Mexico about the loss of language, culture and community, Silver Bullet Productions teaches culturally rich workshops with subject matter that is relevant to Native American education. “Over these last six years we have seen how collective action and support has helped us manage and get through some very difficult challenges,” Rodriguez said. “We applaud every program that has worked strategically to serve more children and families as needs have grown.” To learn more about the San Manuel Band of Mission Indians and the tribe’s Charitable Giving Program, visit

Sight Clinic to Offer Free Vision Screenings, Eyeglasses to Rialto Residents in Need

he Rialto Breakfast Lions Club will be hosting a sight clinic in conjunction with the California Lions Friends in Sight. The event will be held April 5th from 8am to 4:30pm at the Rialto Recreation and Community Center on 214 N Palm in the City of Rialto. The tough economy has made it difficult for many to find affordable vision care. The clinic is designed to provide free vision screening and recycled eyeglasses to those in need. Erik Morden is president of the Rialto Breakfast Lion’s Club is helping to coordinate the event. He urges “This is a must go event for Rialto area residents who have been putting off vision care due to financial reasons.” The screenings will be conducted by the California Lion’s

Friends in Sight organization which has over 20 years experience providing screenings and recycled eye glasses to needy populations as far away as Latin America and Africa. Licensed optometrist and nurses will be among the volunteers to help identify possible ocular health concerns and provide usable recycled eyeglasses at no cost to recipients. Past events in the area have drawn over 300 recipients. Erik Morden states, “Although we try not to turn people away, try to be there early as it is first come first serve.” For more information visit the California Lion’s Friends in Sight website, or call Edward Morden at (909) 731-9025.

Page A10 • April 3, 2014 • Inland Empire Community Newspapers

Women of Distinction honored by Assemblymember Cheryl Brown


In recognition of Women’s History Month, Assemblymember Cheryl R. Brown (D-San Bernardino) honored groundbreaking women from the 47th Assembly District at her annual Women of Distinction event on Saturday, March 29, at the Sierra Lakes Country Club in Fontana. The 2014 honorees were (L to R): City Clerk Eileen Gomez, City of Colton; Jasmine Hall, a member of the board of directors at the Inland Empire Utilities Agency (pictured is her daughter accepting the award on her behalf); Sally McGuire, a business owner and president of the Grand Terrace Chamber of Commerce; Marge Mendoza-Ware, a longtime school board member of the Colton Joint Unified School District (CJUSD); the Honorable Grace Vargas, City of Rialto; and Vicki Lee, a homeless student liaison at the San Bernardino City Unified School District (SBCUSD)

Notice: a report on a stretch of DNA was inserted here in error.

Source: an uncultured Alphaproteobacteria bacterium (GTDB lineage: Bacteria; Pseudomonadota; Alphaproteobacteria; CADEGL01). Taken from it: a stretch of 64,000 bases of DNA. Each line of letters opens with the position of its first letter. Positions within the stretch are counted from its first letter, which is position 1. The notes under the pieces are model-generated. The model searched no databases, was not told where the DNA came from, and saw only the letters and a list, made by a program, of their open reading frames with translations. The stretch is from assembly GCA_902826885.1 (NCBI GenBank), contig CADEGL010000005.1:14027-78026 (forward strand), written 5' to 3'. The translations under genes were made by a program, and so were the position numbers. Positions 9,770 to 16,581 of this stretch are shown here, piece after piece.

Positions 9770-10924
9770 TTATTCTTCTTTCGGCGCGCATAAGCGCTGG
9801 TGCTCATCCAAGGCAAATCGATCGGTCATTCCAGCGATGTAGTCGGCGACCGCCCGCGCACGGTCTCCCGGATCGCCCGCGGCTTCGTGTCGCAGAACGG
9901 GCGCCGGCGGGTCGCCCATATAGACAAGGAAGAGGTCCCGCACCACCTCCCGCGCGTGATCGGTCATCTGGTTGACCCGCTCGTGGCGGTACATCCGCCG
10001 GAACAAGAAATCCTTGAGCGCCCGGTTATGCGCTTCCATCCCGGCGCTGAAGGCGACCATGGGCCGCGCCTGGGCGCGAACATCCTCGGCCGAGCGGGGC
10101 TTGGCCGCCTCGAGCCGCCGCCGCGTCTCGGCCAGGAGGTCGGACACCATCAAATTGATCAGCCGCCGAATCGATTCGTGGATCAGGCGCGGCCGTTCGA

Jazmine Collins

ssemblymember Cheryl Brown, honored a host of notable women from the 47th Assembly District at her annual Women of Distinction event, held at the Sierra Lakes Country Club in Fontana. The event was held on Saturday, March 29, 2014. City of Colton, City Clerk Eileen Gomez, was honored for her quality public service to the city. As a community leader, she serves as a board member for various community service oriented groups such as the Girl Scouts of San Gorgonio, the Inland Empire Scholarship Fund, Youth for C.H.A.N.G.E., and Seeds of Hope, Inc., based in Colton. Honorable Grace Vargas made history when she became Rialto’s first female mayor in 2000. She was later re-elected in 2004 and 2008. She began as a clerk for the City of Rialto, which led to several promotions, including being elected to the Rialto City Council in 1998. Two years later she won the election for mayor in 2000. Jasmine Hall, a resident of Fontana, was recently appointed to serve as a member of the Inland Empire Utilities Agency board of directors in 2013. She was employed at Southern California Edison (SCE) for over 27 years as a business and utilities analyst. She has also served on various boards and commissions including the Santa Ana Watershed Project Authority (SAWPA) Commission, the California Association of Sanitation Agencies and the Association of California Water Agencies. Vicki Lee, a native of San Bernardino, serves as a mentor to at-risk youth as the homeless liaison for the SBCUSD. She previously worked with homeless youth and young adults at the Covenant House California for 10 years. Ms. Lee is the coordinator of “Our Children Sing,” an annual program that’s held in San Bernardino around September 11th. The program seeks to promote peace,